Once a criminal has the necessary data they can apply for credit cards, loans, services, file fraudulent tax returns, and more. This information can be collected and sold to other criminals worldwide via the dark web. Many of these criminals are located in parts of the world where it is almost impossible to bring them to justice for their crimes. The total cost of identity theft in 2020 was a record breaking $56 billion. With so much money to be gained it is clear that identity theft and fraud is not going anywhere anytime soon.
Weak passwords are a very big security threat. Easy passwords and reused passwords can allow unauthorised access to accounts, account takeovers, data theft, and other forms of cyber attacks. In a sampling of 10,000 records, “Password” appeared 2,921 times. We could also see multiple internal Admin accounts that used very similar and easy passwords. We highly recommend that organizations and users alike use complex passwords for any account that contains sensitive user data. The security standard of a strong password should contain a minimum of 12 characters. These should be a combination of uppercase and lowercase letters, numbers, and include any special characters.
File Security and Document Names
Image or file names can also be a data security risk. Organizations who collect and store data usually use internal ID numbers or other methods that conceal or hide any personal data on file names or folder names. This is the first time I have ever seen full names and a number called “SSN” in the actual file name. In theory the file wouldn’t have to be opened to expose sensitive data because the file name alone contained what appeared to be PII (personally identifiable information).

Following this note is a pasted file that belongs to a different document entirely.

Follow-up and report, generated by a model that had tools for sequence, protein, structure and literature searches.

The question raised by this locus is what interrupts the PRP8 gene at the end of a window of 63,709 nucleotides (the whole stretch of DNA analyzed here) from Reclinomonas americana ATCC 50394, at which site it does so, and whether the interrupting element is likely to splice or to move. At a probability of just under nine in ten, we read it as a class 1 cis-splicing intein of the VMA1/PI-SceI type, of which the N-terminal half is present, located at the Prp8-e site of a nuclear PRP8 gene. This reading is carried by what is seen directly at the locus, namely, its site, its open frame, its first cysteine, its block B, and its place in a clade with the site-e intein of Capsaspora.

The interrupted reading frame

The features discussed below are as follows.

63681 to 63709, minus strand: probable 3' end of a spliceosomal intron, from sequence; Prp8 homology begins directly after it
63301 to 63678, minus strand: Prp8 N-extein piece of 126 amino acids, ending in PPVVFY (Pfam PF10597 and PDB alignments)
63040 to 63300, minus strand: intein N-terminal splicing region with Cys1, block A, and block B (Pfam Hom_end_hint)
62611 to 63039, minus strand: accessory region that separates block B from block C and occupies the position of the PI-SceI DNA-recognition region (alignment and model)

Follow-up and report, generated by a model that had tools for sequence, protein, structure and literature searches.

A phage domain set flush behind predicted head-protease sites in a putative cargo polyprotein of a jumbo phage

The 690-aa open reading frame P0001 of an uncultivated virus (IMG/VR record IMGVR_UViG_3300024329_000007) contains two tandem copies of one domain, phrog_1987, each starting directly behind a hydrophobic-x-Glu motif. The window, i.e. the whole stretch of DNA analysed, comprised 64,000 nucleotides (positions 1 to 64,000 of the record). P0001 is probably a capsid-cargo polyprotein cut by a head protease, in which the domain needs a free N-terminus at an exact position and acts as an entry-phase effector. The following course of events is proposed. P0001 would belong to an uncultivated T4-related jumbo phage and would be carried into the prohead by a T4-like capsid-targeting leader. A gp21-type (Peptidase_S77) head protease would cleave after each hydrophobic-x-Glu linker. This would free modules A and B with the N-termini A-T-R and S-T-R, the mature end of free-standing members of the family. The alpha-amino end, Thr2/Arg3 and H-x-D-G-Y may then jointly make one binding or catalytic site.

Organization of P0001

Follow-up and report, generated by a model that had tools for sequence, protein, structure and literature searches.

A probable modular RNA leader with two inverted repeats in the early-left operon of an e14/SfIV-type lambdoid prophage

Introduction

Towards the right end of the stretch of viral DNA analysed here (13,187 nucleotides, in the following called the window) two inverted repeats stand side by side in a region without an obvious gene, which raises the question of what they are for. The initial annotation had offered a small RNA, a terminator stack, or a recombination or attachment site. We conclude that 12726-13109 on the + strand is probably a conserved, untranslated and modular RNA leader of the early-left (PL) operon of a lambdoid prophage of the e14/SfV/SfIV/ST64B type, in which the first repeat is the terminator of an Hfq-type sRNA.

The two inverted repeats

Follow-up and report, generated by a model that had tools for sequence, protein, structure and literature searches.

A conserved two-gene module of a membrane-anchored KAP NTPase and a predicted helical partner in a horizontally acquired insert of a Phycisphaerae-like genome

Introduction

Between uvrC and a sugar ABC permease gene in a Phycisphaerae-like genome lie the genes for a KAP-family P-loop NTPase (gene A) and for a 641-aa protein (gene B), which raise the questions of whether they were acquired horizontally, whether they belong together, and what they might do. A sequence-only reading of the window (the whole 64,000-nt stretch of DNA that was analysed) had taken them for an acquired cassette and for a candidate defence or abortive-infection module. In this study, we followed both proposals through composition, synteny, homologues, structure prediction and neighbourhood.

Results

The Covid 19 pandemic has hit healthcare workers hard with long hours and many are physically and emotionally exhausted. Hospitals all over the United States are suffering from a shortage of healthcare workers. Any service that allows hospitals to fill their shifts is extremely important and valuable to sick patients. It is unfortunate that this incident may have exposed the data of frontline workers during an already difficult time. Healthcare workers’ private information publicly available also poses a risk of unwanted harassment, intimidation, or cyber stalking.
It is unclear how long the database was exposed and who else may have gained access to the publicly accessible records. It is also unclear if medical workers or authorities were notified of the potential exposure as required by Florida Information Protection Act of 2014 (FIPA).
We are not implying any wrongdoing by Gale Healthcare Solutions, their partners, or users and we are highlighting our discovery to raise data protection awareness and promote cybersecurity best practices. Our mission is data protection and securing information that is publicly exposed. Public access was restricted within hours after we sent a responsible disclosure notice to Gale Healthcare Solutions. We have not received any reply from Gale Healthcare Solutions at the time of publication. We do not download or extract any sensitive information and make every good faith attempt to protect the privacy of any potentially affected individuals.
Jeremiah Fowler is a Security Researcher and co-founder of Security Discovery. Jeremiah began his career in security research in 2015 and has a mission of data protection. He has helped identify and secure the data of millions of people around the world. His discoveries have been covered in Forbes, BBC, Gizmodo, among others. Security and responsible disclosure are not only a passion, but a way of protecting our digital lives.